Residents who wish to follow campaign money can do so without the hassle of driving downtown, parking the car and standing in line. Campaign reports will be posted and accessible to the public within 72 hours of each filing deadline and will remain online for 5 years.

Care to track the stimulus spending in our region? A complete breakdown of funds and projects is available.

“More than $377 million in federal stimulus funding has already been appropriated for infrastructure, job training, education, health care, housing, energy efficiency and other programs in Allegheny County,” notes Dan Onorato. “These dollars will create thousands of jobs, bolster our economy, and help residents get back on their feet.”

To receive Pop City free each week, click here.

Writer: Debra Diamond Smit
Source: Dan Onorato, Kevin Evanto, Allegheny County

Image courtesy flickr.com


Join the Pittsburgh walking challenge, win a trip to Nemocolin

Pittsburgh is stepping its way to fitness this month with the 3rd Annual “Ready, Set, Walk!” Challenge.

“We have a very walkable downtown and we want to encourage people to get out and see it,” says Lucinda Beattie, vice president of transportation for the Pittsburgh Downtown Partnership. “The mission is to reduce pollution, decrease traffic congestion and encourage people to integrate walking into their daily lives.”

Participation is easy. Click here to fill out an online registration form and attend one of the three 2009 kick off events on June 1 where you will receive a walking resource kit. Pick up locations are Schenley Plaza, the Mall at Robinson or Market Square in Pittsburgh. Participants will receive a free t-shirt and pedometer to track the miles.

Once a week, log onto the website and record your steps to qualify for a random weekly drawing for fabulous prizes including an iPodShuffle and a $1,000 gift certificate to Nemacolin Woodlands Resort. A celebration of walkers will take place on June 20th with more prizes for top walkers from each neighborhood.

The Challenge, part of America On the Move, is presented by the Airport Corridor Transportation Association, the Oakland Transportation Management Association and the PDP.

Check the website for updated information on packet pickup and to make alternative arrangements.

But why wait till then to start walking? Next week marks Pa. Hiking Week 2009. From May 23rd until May 31, hikers across the state will participate in special hiking events in parks, forests and towns across the state.

There are night hikes, wildflower walks, hikes for people with disabilities, pet walks, geology walks and more. For local Hiking Week details, click here.

The events are planned by DCNR and the Keystone Trails Assoc., a 1,100 member group made up of hiking and outdoor organizations throughout the state.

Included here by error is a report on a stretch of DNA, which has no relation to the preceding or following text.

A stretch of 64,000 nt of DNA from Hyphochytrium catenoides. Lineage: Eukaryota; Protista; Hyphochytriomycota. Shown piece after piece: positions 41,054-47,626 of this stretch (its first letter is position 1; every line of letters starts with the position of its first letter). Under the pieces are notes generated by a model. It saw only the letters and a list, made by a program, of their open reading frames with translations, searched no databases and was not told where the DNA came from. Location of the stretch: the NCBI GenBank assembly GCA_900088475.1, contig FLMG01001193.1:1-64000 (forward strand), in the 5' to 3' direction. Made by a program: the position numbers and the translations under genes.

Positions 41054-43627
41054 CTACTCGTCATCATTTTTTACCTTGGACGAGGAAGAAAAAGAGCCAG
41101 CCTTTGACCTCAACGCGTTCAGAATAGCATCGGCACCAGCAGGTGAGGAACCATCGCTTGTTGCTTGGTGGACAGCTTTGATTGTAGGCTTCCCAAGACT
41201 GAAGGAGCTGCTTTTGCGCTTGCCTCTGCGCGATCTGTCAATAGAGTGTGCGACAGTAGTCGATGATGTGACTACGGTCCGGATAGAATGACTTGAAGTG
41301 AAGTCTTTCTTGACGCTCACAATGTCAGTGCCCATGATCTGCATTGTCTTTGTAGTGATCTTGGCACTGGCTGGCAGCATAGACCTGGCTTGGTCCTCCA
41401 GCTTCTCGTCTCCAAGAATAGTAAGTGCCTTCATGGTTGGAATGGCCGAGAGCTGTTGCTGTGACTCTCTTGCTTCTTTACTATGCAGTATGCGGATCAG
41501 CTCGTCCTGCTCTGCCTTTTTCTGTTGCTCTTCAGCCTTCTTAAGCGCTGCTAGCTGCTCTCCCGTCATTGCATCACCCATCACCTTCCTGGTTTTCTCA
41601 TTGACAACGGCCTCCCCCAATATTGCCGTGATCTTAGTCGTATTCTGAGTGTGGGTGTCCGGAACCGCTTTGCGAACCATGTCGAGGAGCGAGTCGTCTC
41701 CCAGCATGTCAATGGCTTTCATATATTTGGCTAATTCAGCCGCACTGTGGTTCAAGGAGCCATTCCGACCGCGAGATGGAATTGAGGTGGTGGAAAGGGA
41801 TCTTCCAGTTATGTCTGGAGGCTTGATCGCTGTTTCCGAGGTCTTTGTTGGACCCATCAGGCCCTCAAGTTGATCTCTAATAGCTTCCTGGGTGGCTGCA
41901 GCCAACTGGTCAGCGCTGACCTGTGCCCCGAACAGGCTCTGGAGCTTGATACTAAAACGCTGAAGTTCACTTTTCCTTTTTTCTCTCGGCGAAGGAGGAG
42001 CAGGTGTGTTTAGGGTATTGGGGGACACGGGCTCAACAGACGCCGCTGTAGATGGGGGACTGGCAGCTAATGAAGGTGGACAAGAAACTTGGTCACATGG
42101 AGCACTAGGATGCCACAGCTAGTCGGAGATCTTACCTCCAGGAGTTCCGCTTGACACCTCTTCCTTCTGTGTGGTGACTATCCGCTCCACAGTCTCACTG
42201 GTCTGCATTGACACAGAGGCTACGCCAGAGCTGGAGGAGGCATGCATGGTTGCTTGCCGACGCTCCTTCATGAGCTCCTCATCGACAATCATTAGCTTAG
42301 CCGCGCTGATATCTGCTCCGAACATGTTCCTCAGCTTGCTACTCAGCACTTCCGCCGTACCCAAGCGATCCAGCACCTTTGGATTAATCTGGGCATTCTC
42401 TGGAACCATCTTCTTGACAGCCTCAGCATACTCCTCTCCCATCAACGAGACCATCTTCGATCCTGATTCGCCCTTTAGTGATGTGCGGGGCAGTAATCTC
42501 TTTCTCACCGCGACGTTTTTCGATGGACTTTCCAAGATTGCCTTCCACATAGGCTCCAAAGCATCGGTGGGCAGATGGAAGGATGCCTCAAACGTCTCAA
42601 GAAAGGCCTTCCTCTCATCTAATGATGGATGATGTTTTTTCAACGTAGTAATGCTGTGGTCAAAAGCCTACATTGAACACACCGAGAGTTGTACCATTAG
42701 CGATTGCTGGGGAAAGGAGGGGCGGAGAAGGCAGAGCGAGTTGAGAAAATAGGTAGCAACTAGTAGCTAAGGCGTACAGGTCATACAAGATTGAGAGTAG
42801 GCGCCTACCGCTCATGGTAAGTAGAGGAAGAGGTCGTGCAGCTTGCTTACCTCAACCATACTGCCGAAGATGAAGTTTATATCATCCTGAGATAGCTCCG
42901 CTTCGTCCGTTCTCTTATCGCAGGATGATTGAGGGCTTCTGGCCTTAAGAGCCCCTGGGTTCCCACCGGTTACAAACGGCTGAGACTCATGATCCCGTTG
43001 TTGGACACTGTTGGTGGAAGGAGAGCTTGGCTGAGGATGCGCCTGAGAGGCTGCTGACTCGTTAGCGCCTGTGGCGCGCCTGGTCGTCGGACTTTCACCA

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Source: Lucinda Beattie, PDP
Image courtesy PDP

Rhiza Lab’s Flu Tracker monitors the latest on H1N1—is history repeating itself?

Pittsburgh technology is playing a key role in tracking the swine flu, generating an avalanche of interest around the world and raising concerns about the future threat of the virus.

South Side-based Rhiza Labs, with its web-based Flu Tracker mapping tool Rhiza Insight, has partnered with local biomedical research company Recombinomics to monitor the data and spread of H1N1 around the globe. 

And Recombinomics founder and president Dr. Henry Niman doesn’t like what he sees. Prepare yourself for some not-so-good news.

The spread of H1N1 is following a very similar path to the last outbreak of swine flu in 1918, which began with a mild pandemic in the late spring, waned during the summer months in the Northern Hemisphere and returned with greater deadly force in the fall at the start of the subsequent flu season.

One third of the world’s population was infected in the 1918 outbreak, which killed three percent of the world’s population, says Dr. Niman who has studied the earlier virus is writing a scientific paper on the two pandemics.

Recombinomics studies the sequences of how viruses evolve over time through recombination, a process that assists in the development of new vaccines. Dr. Niman’s extensive research on the 1918 swine flu tells him that this present strain is following a similar path, yet is different in its ability to move from person to person “fairly efficiently.”

“The point that I’m making is not only do we need a vaccine for what exists, but what is likely to exist four to six months from now,” Dr. Niman says. “It’s still early, but this is something that everyone needs to monitor very closely.”

A hallmark of the 1918 virus was it tended to take the lives of younger people between 25 and 45, similar to the present flu pandemic. If the virus resurfaces this fall, the virus could contain properties of human flu as well as avain flu, he adds.

That’s where Rhiza, which specializes in web-based, dynamic data visualization tools, comes in. Unlike other systems currently in use, Dr. Niman's methodology tracks individual reports of suspected or confirmed flu cases using the media and official government statements. Rhiza’s map monitors the confirmed cases with pindrops.